QuotaBook, a Seoul-based equity management platform, has raised $11 million in funding led by Elefund, with participation from Access Ventures, Hana Securities and South Korean fintech company Viva Republica. Some of its previous backers, including Draper Associates and Capstone Partners, joined the round.
The Korean startup, which graduated from Y Combinator (YC)’s Winter 21 batch, was founded by former venture capitalists Andy Choi, Dan Hong and Pilseon Jun, in 2019. Choi, the company’s CEO, said in an interview with TechCrunch that in their capacity as investors, the three noticed that in Korea and many other Asian countries, startups were still relying on Excel when managing their cap tables, stock options, stakeholder and other related information.
That meant the startups’ backers were forced to make sense of these spreadsheets, too. “VCs were stuck with Excel sheets or very old enterprise resource planning (ERP) tools, so old that they are not web-based and can be installed only on Windows machines,” Choi said. “It created a very annoying and error-prone process where startups and investors were regularly exchanging crucial equity data and corporate info via document attachments or text messages.”
Everyone was typing in the data manually because investors and startups had different formats and had to run double checks from each side again, Choi told TechCrunch.
“I had a case where the startup didn’t provide their most up-to-date cap table Excel sheet for more than two months, which made it hard for us to update our investment valuations and returns that were needed to be reported to our LPs,” Choi said.
QuotaBook will use the latest funding — which brings its total raised to approximately $20 million — to digitize the equity/fund management process, providing a common standard for security-related data, and making it possible to safely host shareholder and board meetings online. Additionally, the startup plans to scale out its product team, enter Southeast Asia and launch its service for investors in the Middle East, Choi noted. “The [Asian] market is still very young, so we also want to set up local offices or teams in the regions like Vietnam, Indonesia, Singapore and Taiwan.”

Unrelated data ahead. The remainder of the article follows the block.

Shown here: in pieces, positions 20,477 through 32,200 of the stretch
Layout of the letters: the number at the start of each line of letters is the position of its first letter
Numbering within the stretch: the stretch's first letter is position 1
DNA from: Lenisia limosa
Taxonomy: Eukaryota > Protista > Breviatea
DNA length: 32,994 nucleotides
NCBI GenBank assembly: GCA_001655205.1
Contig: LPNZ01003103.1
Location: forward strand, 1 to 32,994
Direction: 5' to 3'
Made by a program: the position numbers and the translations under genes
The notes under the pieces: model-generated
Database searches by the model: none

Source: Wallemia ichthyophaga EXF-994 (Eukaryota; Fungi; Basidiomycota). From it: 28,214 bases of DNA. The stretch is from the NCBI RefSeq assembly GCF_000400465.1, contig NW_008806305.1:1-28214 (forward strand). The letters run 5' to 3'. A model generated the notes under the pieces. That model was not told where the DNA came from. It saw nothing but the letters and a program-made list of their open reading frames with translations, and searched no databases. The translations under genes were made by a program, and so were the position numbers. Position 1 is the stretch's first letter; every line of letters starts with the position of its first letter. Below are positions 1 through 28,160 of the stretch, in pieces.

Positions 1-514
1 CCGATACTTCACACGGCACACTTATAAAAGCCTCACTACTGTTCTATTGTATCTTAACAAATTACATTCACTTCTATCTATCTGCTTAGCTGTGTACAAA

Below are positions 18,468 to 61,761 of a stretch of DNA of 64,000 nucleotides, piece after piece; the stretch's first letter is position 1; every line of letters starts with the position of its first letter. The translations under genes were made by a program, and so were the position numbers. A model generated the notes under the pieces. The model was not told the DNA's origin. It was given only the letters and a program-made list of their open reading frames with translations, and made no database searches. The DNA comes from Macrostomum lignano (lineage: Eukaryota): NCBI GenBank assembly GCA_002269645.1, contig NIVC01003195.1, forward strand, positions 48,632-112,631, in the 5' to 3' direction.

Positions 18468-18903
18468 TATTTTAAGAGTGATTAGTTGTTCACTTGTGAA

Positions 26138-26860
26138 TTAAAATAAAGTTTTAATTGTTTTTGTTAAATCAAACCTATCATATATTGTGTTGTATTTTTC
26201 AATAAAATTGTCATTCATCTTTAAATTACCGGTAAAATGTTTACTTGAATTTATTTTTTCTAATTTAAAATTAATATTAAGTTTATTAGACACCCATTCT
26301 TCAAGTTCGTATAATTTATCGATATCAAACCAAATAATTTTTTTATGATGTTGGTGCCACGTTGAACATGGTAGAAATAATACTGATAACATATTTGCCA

Currently, the outfit employs 45 people, Choi added.
QuotaBook claims that it has more than 3,500 startups and investor users on its platform, largely based in South Korea, where the company started. About 40% of startups in Korea use QuotaBook’s service that provides cap table management, according to Choi. In June, it launched a restricted stock units (RSU) management service.
Its SaaS-based platform offers two services: an equity management service for startups, which includes cap table management, stock option management, investor reporting, investor consents, shareholder and board meetings, and a fund management platform for investors, which provides fund info, investment and returns management, portfolio management, LP commitment and returns management, LP reporting and fund activity analytics.
Its startup users start with a freemium plan. If they upgrade to a plan with more features, they get charged by the number of stakeholders, like holders of securities and stock options, Choi said. Investors also get charged based on the AUM of their funds and the number of portfolios.
QuotaBook also recently launched a communication platform called QuotaSpace that focuses on the communication and networking between investors and their portfolio companies. Choi said more features are coming, too.
“Once our core business settles down, we plan to expand into new business opportunities with the network and data we cover. Helping out with secondary sales and providing data services are a few examples,” he said.
QuotaBook did not provide its valuation when asked. The startup raised its previous funding in June 2021 from Draper Associates, Carta Ventures, Elefund, Goodwater Capital and Scale Asia Ventures.
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